Caught up in your day-to-day life and routine, you haven’t noticed your credit card/debt dues increasing every month. You start defaulting regularly, resulting in an increase in the debt. When you have finally opened your eyes, you find yourself at the bottom of a huge pile of dues. So, is bankruptcy the only solution then?
Although personal bankruptcy may discharge you of certain debts, it has a long lasting effect. It will appear on your credit reports for the next 10 years. This will hamper your chances of getting credit, buying a house or car, getting life insurance etc. Therefore this needs to be considered as the last option of debt management.
The good news is there is a way around your financial problem. In most cases doing nothing about your increasing debts leads to more problems. Debt negotiation is the best option for those who default regularly and don’t qualify for debt consolidation.
Debt negotiation is a process through which the debtor and the creditor come to an agreement to ward off a certain amount on the actual balance and settle on the smallest amount possible, that will be regarded as payment in full (or there might be some remainder amount to be paid in easy monthly installments). Debt negotiation is possible only on unsecured debts like credit card debts etc. House loans, car loans etc may not be eligible for negotiating debt.
It is mostly when the debtor defaults regularly or is unable to make his/her monthly payments that the creditor agrees to debt negotiation. This helps both parties as:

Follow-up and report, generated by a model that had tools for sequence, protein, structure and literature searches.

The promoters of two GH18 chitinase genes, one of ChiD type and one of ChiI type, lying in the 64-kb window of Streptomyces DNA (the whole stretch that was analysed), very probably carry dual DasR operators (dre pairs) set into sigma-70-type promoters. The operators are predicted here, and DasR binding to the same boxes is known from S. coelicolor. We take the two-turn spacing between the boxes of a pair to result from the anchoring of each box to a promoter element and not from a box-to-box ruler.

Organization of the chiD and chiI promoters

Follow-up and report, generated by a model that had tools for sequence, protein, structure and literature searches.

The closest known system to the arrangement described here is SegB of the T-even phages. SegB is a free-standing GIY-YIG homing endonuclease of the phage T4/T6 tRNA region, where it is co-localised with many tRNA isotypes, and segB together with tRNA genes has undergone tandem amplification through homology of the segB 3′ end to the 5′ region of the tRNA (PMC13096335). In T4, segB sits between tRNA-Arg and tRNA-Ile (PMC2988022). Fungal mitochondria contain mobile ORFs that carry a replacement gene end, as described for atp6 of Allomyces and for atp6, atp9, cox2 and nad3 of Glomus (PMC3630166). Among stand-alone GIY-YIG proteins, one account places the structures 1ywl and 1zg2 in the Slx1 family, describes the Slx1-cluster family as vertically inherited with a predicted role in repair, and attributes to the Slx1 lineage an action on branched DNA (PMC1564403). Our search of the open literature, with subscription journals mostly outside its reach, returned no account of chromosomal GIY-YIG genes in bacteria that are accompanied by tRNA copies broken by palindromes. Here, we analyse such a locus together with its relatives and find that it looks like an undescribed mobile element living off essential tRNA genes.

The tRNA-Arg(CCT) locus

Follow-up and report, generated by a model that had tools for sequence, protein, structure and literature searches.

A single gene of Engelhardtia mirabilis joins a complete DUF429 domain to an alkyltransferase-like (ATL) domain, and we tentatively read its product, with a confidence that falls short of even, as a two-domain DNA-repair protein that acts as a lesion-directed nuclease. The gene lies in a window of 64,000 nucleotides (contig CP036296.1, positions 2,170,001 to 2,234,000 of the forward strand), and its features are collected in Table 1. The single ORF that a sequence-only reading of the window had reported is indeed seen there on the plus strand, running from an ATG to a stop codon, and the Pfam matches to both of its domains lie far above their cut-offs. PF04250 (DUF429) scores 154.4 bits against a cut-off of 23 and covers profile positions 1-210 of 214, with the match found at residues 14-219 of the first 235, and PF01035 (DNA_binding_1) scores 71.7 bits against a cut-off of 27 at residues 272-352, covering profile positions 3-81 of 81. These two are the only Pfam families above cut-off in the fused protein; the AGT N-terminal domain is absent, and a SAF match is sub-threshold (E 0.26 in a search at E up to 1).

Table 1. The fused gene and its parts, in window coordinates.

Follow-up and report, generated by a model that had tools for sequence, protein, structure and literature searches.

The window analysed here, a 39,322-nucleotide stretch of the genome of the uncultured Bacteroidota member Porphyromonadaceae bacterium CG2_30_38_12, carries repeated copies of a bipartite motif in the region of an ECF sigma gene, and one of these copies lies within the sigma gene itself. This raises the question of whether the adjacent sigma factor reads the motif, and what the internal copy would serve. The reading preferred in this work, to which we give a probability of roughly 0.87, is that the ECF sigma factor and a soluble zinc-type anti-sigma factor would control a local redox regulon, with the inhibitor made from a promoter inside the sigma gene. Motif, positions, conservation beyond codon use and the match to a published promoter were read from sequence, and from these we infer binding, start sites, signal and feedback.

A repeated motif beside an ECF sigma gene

- It increases savings for the debtor and reduces monthly payments.
- It helps the debtor become loan-free quicker.
- There is no fear of losing a house or an asset for the debtor, as there is no collateral involved.
- It makes it possible to avoid the stigma and intrusive court mandated controls of bankruptcy.
- It reduces the stress of debtor and creditor.
- It increases the trust of the creditor in the debtor.
- It decreases risk for the creditor.
- The creditor can recover more funds as the money spent on collection agencies can be saved.
One can negotiate the debt on their own, with the help of a lawyer or can approach a company offering these services. If approaching a company, be careful to make the payment once the deal is made and as per the amount reduced on the actual amount of your debt. Also it is important to ensure that the debt negotiation company functions as per the FDPCA guidelines.
Debt negotiation may have negative impact as well. The following are the common objections to negotiation:
- It may lessen your chances of getting credit in future. If the debtor obtains a “paid in full” certificate, the debtor’s credit record should show no sign of the settlement. Therefore it is advisable to check with the state attorney, local consumer protection agency and the Better Business Bureau and get the right information before going ahead with the program.
- The creditor may still sue you if he/she fears danger of bankruptcy, even after the negotiation. On the occasion of the creditor winning the case, it is possible for the other party to garnish your income or put lien on your house.
- The Internal Revenue System may consider any amount forgiven as a taxable income. The IRS considers more than a certain amount of debt forgiven to be taxable.
- Specific debts of the borrowers themselves affect the success of negotiations. Some creditors have aggressive resistance against negotiations.